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June 17, 2009
Investors Call on ILO to Ensure End of Child Labor in Uzbekistan
    by Robert Kropp

Letter from investors to the ILO cites documentation that rights abuses continue in Uzbek cotton harvest, and asks the organization to monitor fall 2009 harvest.


Despite having signed two International Labor Organization (ILO) conventions in spring 2008, by which it claimed to have put an end to the practice of forced child labor during its cotton harvest, the government of Uzbekistan continued the practice in its fall 2008 harvest. A report issued by the Environmental Justice Foundation (EJF) documented findings by its investigators to this effect.

With Uzbekistan's fall 2009 cotton harvest approaching, a group of over 60 investors have sent a letter to Director General Juan Somavia of the ILO, apprising him of their engagement as shareowners in many private sector purchasers and manufacturers of cotton and cotton-based merchandise with the government of Uzbekistan on the issue of forced child labor.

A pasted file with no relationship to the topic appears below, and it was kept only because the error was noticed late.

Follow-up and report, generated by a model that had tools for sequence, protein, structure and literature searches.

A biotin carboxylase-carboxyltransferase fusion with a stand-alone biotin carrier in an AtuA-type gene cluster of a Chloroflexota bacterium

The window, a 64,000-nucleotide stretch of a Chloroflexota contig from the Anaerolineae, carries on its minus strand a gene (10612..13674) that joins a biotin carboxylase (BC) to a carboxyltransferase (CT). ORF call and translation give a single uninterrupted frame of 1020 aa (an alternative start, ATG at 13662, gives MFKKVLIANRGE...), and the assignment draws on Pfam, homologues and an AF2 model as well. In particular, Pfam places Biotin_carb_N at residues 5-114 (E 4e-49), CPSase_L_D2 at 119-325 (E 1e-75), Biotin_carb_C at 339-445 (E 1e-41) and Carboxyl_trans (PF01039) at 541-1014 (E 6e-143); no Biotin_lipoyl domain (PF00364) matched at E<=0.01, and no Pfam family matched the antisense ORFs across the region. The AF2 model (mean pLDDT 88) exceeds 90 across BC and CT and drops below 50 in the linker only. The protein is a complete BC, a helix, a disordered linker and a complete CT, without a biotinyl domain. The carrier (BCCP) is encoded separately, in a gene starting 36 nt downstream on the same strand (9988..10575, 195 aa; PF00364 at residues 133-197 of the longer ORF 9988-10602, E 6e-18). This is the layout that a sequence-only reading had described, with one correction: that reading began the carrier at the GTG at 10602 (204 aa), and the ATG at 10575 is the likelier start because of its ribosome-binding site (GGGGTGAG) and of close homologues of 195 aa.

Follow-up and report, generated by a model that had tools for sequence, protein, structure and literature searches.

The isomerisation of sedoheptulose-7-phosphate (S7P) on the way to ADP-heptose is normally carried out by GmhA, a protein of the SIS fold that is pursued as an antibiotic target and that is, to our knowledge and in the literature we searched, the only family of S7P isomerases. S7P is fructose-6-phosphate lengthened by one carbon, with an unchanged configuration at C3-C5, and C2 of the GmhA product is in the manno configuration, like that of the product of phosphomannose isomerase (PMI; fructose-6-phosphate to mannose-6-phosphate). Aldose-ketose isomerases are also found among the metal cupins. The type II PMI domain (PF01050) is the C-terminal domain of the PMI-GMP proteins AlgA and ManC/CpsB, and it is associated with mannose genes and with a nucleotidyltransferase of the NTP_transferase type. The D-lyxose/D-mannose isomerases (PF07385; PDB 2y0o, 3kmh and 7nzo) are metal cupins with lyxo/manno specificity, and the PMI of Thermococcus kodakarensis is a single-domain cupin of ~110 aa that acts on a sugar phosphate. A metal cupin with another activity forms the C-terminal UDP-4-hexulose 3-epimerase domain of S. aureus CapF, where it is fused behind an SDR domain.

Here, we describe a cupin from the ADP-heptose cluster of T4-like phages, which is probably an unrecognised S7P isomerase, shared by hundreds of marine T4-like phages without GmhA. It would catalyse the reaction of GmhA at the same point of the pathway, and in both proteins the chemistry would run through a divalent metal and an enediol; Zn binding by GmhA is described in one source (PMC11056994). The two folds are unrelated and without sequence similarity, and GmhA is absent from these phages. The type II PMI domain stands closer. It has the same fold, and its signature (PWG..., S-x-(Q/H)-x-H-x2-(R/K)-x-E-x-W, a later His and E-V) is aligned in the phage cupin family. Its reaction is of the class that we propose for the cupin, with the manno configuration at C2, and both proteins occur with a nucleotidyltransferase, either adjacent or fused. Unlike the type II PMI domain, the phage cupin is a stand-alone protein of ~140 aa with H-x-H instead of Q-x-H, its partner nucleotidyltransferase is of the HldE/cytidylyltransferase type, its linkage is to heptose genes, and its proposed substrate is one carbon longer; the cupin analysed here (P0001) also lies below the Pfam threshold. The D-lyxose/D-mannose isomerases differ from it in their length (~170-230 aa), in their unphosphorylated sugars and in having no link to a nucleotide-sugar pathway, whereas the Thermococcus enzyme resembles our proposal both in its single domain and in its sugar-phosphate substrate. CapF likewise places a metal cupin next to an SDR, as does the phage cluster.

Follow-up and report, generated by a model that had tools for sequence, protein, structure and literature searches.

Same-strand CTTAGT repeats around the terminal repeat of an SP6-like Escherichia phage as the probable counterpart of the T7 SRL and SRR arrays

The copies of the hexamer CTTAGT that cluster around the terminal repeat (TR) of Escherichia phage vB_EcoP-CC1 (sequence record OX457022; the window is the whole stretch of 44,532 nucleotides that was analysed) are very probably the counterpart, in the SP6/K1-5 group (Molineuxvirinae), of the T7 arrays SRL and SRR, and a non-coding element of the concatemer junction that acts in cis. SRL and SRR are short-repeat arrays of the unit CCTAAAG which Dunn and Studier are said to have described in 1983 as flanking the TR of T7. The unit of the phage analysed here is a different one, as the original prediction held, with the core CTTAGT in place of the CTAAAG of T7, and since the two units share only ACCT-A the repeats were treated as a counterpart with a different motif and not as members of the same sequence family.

In the letter, the investors "recognize that human rights violations, such as state-sponsored child labor, impose unacceptable costs to individuals and society. They also pose legal, operational and reputational risks to the value of the involved corporations we hold in our portfolios." Letters on the issue were sent by the investors to 130 apparel and home furnishing companies during the past year, and a number of companies have directed their suppliers not to use cotton from Uzbekistan.

Because of evidence indicating the continued use of forced child labor in Uzbekistan, the investors urged the government of Uzbekistan "to invite the ILO to deploy an initial expert observer and assessment mission immediately as a prelude to long-term engagement by the ILO, including monitoring on a multi-year basis." The investors asked that the ILO be prepared to accept such an invitation, "provided that it is coupled with such a public acknowledgment of the problem and a commitment to work with the ILO on its terms."

Signatories of the letter include the Interfaith Center on Corporate Responsibility (ICCR), the As You Sow Foundation, Boston Common Asset Management, Calvert Investments, and the Center for Reflection, Education and Action (CREA).

 

 
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